20160129 – DAILY UPDATE


Just when the Federal Reserve had taken a step towards monetary orthodoxy the Bank of Japan reminded us of the quandary in which the global economy resides. Last night the Japanese central bank cut rates to -0.1%. You’re not reading that incorrectly, negative zero point one percent! Some of the European central banks have toyed with negative interest rates, short term sovereign debt in the Eurozone trades in negative territory, but here we have, for the first time, a major Asian economy crossing the zero bound. Is this even ZIRP (zero interest rate policy) anymore? Perhaps a new phrase will be coined for this new frontier. Stock markets and the commodities complex reacted positively to the news, and not surprisingly the Japanese yen fell significantly. No one should be in any doubt that the point of this exercise was to weaken the yen, and so far the Bank of Japan has been successful. Whether that lasts for long will depend to a certain extent on how other central banks react, and more pertinently how the Peoples Bank of China responds. This is what people mean when they talk about currency wars. I’ve never been a fan of ZIRP and quantitative easing, I feel the corporates who made bad decisions have been given a free option and are being bailed out while the poorer percentiles of society are left to carry the load. But the implications of the Bank of Japan’s actions could have deeper more malignant consequences than anything we’ve seen before. I’ll start off by saying that if a small South American economy was doing this there would be a far more critical response than what we’re likely to see. I say this because already the Japanese authorities own a substantial proportion of their own debt, whereas the QE in the United States and the Eurozone has involved the vast majority of government debt remaining in private hands. We really don’t know what could happen if this proves to be an error, but one of the worst case scenarios is certainly hyper-inflation. Perhaps it doesn’t happen because of the debt super-cycle and the consequential deflationary tendencies in the global economy, but I can’t help but feel a great deal of discomfort at some of the policies institutions we should trust and respect are coming up with.


In Nigeria the President has come out in support of the central bank (CBN). A few days ago they maintained their official peg for the naira to the US dollar despite the parallel market rate seeing a greater than 50% widening from the peg level. I think the endgame here is a little bit more predictable. It’s hard to see how further devaluations can be avoided in the next year or two. As things stand the naira has continued to weaken in the parallel market, and it’s hard to see this ending anytime soon. Worse still the market is becoming comfortable with trading at the 300 level, so it could be here to stay. One of my traders was telling me just this morning that they missed out on a deal to sell NGN at 310, so you can bet that a deal was concluded above that level in the last couple of hours!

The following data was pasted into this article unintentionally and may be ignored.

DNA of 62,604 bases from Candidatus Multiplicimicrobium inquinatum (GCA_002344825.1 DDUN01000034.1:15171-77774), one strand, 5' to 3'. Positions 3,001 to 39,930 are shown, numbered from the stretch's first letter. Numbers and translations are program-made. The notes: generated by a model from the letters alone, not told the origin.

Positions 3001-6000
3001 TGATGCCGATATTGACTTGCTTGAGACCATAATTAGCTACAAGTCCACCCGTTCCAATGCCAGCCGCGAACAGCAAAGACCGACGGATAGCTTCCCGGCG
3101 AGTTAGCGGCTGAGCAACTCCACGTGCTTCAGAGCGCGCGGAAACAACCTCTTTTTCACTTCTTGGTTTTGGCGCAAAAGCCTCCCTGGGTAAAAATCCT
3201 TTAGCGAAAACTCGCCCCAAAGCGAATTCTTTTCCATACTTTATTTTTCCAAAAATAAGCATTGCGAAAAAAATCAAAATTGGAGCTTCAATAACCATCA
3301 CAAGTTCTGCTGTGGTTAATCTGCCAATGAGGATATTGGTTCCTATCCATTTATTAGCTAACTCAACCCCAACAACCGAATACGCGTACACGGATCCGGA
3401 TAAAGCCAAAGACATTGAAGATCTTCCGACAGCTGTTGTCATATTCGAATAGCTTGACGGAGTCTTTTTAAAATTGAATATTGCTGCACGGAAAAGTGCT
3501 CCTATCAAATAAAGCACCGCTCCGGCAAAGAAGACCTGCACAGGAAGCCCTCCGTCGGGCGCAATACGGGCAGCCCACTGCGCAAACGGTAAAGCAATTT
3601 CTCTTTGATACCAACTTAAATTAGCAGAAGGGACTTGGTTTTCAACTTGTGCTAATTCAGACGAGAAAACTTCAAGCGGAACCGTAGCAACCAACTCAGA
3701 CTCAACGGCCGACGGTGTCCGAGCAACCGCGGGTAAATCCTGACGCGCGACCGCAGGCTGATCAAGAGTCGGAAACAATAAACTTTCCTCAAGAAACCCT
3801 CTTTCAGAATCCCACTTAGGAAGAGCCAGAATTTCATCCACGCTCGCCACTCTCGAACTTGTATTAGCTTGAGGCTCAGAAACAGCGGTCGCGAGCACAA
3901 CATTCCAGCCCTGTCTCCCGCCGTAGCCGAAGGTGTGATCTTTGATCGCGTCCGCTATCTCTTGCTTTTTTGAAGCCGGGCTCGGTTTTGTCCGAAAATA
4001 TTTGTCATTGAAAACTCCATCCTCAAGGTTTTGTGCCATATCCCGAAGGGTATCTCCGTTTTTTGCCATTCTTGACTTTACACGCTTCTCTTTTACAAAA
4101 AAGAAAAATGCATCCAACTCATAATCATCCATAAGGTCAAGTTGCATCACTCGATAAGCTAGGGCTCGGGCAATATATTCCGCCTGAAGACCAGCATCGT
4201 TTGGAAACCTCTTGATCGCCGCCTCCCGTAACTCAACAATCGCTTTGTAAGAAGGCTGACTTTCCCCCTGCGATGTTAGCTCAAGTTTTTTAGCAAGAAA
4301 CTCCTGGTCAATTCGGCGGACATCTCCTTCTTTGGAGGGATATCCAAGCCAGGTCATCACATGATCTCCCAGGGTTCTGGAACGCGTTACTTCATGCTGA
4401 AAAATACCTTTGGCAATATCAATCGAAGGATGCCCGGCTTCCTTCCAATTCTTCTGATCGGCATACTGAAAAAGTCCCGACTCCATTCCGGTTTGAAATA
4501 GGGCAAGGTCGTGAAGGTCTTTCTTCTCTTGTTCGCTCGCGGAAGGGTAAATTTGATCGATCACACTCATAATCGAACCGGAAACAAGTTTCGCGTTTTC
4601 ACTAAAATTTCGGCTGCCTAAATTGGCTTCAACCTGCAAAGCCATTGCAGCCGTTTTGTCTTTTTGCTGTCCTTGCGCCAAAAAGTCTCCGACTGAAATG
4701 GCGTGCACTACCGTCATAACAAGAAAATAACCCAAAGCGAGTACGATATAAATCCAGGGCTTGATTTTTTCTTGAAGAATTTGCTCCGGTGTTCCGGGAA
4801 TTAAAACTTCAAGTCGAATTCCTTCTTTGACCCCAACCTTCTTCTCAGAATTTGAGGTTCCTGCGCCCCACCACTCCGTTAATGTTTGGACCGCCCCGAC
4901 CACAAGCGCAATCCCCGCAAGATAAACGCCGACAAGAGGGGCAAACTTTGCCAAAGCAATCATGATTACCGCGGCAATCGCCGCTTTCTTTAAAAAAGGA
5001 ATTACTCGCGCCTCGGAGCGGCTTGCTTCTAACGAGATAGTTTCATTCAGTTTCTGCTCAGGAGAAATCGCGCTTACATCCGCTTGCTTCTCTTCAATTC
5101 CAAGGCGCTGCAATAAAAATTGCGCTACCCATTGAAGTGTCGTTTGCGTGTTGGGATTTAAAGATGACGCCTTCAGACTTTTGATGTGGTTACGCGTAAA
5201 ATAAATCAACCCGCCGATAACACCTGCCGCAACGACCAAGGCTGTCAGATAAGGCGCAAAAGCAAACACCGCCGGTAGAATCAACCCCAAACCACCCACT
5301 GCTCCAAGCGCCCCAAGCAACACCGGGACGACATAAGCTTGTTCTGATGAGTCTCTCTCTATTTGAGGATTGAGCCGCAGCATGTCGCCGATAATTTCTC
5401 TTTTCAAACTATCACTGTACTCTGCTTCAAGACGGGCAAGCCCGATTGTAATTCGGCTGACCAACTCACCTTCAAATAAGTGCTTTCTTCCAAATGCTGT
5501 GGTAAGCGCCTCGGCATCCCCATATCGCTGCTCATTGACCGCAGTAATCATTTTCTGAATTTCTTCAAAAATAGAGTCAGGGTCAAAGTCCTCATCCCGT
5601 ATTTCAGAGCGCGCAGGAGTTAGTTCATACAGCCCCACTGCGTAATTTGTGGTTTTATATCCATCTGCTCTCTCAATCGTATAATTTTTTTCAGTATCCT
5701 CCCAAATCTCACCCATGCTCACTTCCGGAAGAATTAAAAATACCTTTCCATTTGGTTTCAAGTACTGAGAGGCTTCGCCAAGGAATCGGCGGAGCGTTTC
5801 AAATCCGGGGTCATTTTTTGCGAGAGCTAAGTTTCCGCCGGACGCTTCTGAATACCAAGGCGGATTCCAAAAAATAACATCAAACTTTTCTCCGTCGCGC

In Southern Africa, the central bank (SARB) has taken a more orthodox approach and raised rates 0.5%. The second hike in the last few months. The rand rallied on the news, and is still trading in positive territory today. Not before time the SARB has recognised that there will be an inflationary price to pay from the recent falls in the rand. While I recognise the seeming irrationality of tightening policy when the economy is already stuttering, it’s always the poor that suffer when inflation runs out of control – there are a lot of poor voters in South Africa. It should not be up to monetary policy to provide solutions to a country’s economic ills. That is after all what governments should be about in a functioning democracy. Over to you President Zuma.


Apart from against the Japanese yen, the greenback has been in retreat against a broad range of currencies. It’s not clear to me that this situation will last for much longer. Indeed both GBP/USD and oil look to be completing corrective bounces and I would expect to see the bearish trend regaining strength in the next few days. Later on today we’ll get some GDP data, consumer spending and wages data in the United States. I think that both the consumer spending and wages data will be worth noting. That’s exactly the sort of stuff the Federal Reserve will want to use to defend their relatively hawkish stance in a world of unorthodoxy policies.





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